Each week, we’re offering a simple family-style service for you and your family to follow together at home. We hope these resources will help you find time to worship together at whatever time and in whatever way feels most comfortable and authentic for you.
Gather all the members of your household who plan to participate in one place. Get comfortable! Maybe sit on the floor or on cushions. Maybe sit in a circle. Take a moment to pause and breathe together.
Invite a member of the household to lead the gathering prayer. Read line by line, with the rest of the household repeating back to them.
Repeat after me.
Thank you SO much
For bringing us to this time and place.
Please be with us
As we listen, pray, and learn.
And help us remember that,
No matter what,
You will always love us.
Watch the video of the reading by Ry Klein.
Watch this reflection from Fr. Matt.
Listen to this recording — Peace Like a River, a traditional spiritual sung by the Peppercorn Choristers of the Trinity Youth Chorus.
Take a moment to pause. Invite a member of the household to be the prayer leader to lead these or similar prayers:
Let’s pray together silently or out loud. First, let’s say thank you to God for the good things in our lives. Are there specific things you’d like to say thank you for? (Give time for others to share out loud or silently.) For all these things, let’s say together: Thank you so much, Lord!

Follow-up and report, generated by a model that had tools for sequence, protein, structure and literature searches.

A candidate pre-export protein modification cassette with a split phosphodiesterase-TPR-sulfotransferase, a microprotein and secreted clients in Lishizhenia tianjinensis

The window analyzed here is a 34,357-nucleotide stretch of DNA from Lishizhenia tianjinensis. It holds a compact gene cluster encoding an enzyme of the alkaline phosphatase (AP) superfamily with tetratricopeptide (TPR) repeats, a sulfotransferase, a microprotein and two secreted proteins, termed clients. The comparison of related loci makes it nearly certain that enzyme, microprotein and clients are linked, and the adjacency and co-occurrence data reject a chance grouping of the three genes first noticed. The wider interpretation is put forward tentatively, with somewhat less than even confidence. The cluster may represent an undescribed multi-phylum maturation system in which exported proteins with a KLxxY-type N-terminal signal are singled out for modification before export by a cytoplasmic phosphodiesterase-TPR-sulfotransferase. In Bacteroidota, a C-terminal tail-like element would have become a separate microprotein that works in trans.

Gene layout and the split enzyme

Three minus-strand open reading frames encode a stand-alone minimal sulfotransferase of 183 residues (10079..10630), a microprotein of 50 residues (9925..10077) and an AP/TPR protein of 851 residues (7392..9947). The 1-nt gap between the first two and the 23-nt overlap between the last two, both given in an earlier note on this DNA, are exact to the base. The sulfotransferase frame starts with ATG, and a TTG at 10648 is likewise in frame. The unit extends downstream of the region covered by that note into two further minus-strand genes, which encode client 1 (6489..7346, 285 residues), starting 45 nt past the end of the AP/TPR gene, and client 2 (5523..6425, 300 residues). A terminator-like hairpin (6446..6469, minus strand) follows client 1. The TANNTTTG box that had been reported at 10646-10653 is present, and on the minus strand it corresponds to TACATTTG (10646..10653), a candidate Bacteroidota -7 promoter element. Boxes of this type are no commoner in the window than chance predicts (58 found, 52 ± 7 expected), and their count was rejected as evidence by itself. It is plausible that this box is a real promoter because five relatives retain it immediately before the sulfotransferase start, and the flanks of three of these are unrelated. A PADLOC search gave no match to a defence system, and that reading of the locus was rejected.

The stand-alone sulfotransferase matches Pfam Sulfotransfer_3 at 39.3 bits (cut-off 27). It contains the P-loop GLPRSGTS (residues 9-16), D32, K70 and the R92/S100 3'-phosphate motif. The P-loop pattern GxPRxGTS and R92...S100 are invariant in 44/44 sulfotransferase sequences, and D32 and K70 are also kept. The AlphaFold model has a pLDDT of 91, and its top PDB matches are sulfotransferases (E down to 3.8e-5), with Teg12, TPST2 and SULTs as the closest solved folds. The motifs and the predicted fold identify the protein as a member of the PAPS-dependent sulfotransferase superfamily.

Thank you so much, Lord!
Now, let’s pray for the people or animals who are sick or need help. We also pray for the things that worry us. Are there specific people, animals, or worries you’d like to pray for? (Give time for others to share out loud or silently.) Let us say: Please God, help us!
Please God, help us!
Repeat after me:
Thank you for this time together
Stay with us
This week and always.
Help us to be like Jesus.
But What Can I Do?
Kathryn Carroll, Interim Program Manager, Children and Families
In the past two weeks, I’ve been listening to the cries of anguished parents; of those who are lamenting racial injustice publicly for the first time, asking “why?”; and of those who are exhausted by a lifetime of lament, asking “how long?”. You have been heard.
In my work, I mainly try to listen, learn, and witness through the filter of Christian teachings and general optimism. And I have always been propelled toward peacemaking and mutuality in my communities, relationships, and teaching. I’m guessing that most of us think of ourselves this way. But the prevailing non-rhetorical question among parents that I’ve heard is, how do we talk with young children about something as ugly as racism? We want to hang on to their happy trusting innocence as long as possible. But clearly this is a luxury that is not afforded to parents of all children. No, knowing about real and possible danger is a matter of life and death for black and brown children. I believe that learning and knowing something about people’s reality is a good step toward “doing something.” Trinity’s Faith Formation & Education team has a plethora of resources on racial justice and you can’t shake a megabyte anywhere online without finding something this minute, if you’re curious. “Yes, let’s be curious” (Nadia Bolz-Weber).